Grants: Proactive vs Reactive


I created the grant/initiative steps below to help educators to thoughtfully plan the needs, strategies, objectives, and budgets so that most of the information is compiled to create a larger plan (e.g., grant request for proposal, state-mandated planning forms, etc.). Given the demand for grant funding to support a wide array of student-centered initiatives, the steps and accompanying prompts are particularly helpful for this purpose because it allows institutions to be proactive as opposed to reactive in terms of integrating proposed externally-funded activities into existing services, programs, and projects. The steps have a higher education focus but K12 educators can also benefit from the process.

STEP 1: Identify Student Needs
Identify and clarify specific student needs

1.1 Brainstorm possible student needs. Based on the collective experience of the grant/initiative team members, make a list of the specific students needs. Sources to consider for this information include student learning outcomes, internal reviews, program evaluations, institutional research data or other sources of data.

1.2 Choose 3-5 student needs from Step 1.1. From your notes above, identify 3-5 student needs that serve as the foundation for the proposed grant/initiative and, if known, are aligned with the priorities and vision of an external funder. Consider the following:
Have the needs proved to be a major obstacle to student success?
Is it a critical student skill or concept?
Is it an essential component of academics and/or student services?
Are the needs already being addressed through existing initiatives?

1.3 Define the need. Take as much time as needed for the grant/initiative team members to define and clarify the student needs identified in Step 1.2. Share your ideas as a team and work to finalize a definition. Be sure to use specific language to explain exactly what it means. Establishing common language now avoids future communication challenges.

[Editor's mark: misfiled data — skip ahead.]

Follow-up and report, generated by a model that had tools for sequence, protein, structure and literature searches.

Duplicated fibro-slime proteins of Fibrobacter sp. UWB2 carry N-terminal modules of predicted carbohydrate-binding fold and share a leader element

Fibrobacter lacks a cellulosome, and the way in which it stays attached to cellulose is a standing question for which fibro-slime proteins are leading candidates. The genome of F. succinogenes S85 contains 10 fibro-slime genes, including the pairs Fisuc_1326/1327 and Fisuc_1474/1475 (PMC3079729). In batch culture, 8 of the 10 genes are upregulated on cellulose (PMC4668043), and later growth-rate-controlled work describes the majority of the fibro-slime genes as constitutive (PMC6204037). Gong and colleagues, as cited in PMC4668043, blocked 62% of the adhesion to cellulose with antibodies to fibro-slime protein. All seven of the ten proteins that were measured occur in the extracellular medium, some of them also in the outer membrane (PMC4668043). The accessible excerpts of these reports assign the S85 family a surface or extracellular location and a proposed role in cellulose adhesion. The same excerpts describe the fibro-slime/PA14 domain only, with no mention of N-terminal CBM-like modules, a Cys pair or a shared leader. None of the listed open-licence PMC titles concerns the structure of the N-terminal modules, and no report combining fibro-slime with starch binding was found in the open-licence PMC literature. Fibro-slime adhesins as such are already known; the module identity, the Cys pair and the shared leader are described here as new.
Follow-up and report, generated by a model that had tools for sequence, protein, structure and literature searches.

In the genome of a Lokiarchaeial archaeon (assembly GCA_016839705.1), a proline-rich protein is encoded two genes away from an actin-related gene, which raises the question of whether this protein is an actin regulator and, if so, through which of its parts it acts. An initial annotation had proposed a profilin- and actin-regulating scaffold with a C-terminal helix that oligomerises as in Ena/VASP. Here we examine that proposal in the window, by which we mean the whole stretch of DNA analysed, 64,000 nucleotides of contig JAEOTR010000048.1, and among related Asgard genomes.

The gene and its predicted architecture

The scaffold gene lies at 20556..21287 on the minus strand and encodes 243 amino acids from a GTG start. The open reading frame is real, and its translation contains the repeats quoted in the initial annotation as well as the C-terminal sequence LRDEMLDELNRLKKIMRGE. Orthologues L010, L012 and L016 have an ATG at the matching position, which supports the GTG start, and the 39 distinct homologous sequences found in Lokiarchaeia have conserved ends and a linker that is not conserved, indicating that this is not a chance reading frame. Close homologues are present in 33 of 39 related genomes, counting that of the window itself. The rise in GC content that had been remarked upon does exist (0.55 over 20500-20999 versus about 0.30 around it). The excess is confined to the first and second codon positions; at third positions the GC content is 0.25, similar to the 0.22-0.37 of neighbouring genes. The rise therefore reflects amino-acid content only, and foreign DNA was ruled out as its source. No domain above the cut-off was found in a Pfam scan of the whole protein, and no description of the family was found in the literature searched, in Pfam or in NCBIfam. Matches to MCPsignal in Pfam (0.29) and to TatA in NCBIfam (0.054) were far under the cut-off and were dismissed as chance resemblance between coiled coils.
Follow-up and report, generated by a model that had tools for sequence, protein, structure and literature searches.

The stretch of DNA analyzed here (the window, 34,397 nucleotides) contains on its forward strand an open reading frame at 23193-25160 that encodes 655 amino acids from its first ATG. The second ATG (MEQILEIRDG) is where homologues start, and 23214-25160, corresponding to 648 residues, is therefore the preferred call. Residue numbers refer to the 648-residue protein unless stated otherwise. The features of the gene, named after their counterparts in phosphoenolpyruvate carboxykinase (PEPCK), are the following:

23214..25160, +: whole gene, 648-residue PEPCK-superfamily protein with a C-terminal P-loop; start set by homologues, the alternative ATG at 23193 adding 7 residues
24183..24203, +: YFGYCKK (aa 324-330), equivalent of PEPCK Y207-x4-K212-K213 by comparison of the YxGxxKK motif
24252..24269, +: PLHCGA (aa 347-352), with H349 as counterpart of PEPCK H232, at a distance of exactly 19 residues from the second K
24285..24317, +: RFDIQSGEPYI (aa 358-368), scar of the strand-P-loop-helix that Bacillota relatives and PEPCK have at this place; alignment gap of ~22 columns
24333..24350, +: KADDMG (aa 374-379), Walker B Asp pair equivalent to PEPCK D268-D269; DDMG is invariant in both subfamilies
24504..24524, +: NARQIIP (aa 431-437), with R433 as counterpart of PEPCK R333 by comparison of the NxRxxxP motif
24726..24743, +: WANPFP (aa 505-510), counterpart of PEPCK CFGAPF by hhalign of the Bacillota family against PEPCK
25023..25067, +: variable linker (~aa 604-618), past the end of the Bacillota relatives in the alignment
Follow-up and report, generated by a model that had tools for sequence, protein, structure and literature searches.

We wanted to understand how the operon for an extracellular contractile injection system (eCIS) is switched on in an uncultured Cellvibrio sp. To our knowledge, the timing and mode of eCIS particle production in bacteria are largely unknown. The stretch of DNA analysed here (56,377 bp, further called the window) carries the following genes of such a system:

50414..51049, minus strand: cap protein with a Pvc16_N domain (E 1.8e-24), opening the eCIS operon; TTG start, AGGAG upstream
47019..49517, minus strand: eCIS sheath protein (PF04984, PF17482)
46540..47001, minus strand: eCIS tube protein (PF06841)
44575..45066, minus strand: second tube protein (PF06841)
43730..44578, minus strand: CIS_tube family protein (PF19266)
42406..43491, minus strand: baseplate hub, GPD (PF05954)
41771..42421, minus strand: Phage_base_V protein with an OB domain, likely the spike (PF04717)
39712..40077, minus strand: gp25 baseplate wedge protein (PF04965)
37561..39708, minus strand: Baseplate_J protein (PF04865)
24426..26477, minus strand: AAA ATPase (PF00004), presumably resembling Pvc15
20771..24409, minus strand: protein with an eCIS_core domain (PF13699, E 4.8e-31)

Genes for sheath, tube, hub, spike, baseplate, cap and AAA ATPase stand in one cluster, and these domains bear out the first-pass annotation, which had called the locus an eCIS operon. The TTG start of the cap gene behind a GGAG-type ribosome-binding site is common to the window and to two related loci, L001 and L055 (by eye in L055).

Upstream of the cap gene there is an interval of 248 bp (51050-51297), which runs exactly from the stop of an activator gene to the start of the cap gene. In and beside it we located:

1.4 If needed, collect additional data to support the student needs identified in 1.3. Work with the research office.

1.5 If applicable, match the student needs with the priorities of the external funder.

STEP 2: Choosing Research-Based Strategies
Identify research-based strategies related to address the student needs

2.1 Brainstorm possible strategies. What strategies might help address the student needs? As you brainstorm, consider using:
What the institution already has that could be strengthened;
Something about which someone in the grant/initiative team has expertise;
Something about which you can get published information (preferably peer-reviewed); and
Something about which you can secure outside assistance (such as technology, workshops, etc.)

2.2 Finalize strategies from Step 2.1 and provide your rationale. When gauging the promise of a strategy, consider:
a. What is the strategy? (Describe.)
b. What aspects of the student needs will the institution need to address with the proposed strategies? (Explain.)
c. Can the institution fit the strategies into existing program(s)? Does the institution have the time and capacity for this? (Decide.)
d. If applicable, are the strategies allowable per the external funder? (Decide.)

STEP 3: Draft the Implementation Plan 
Plan and prepare the components of the implementation plan

Implementation Plan Draft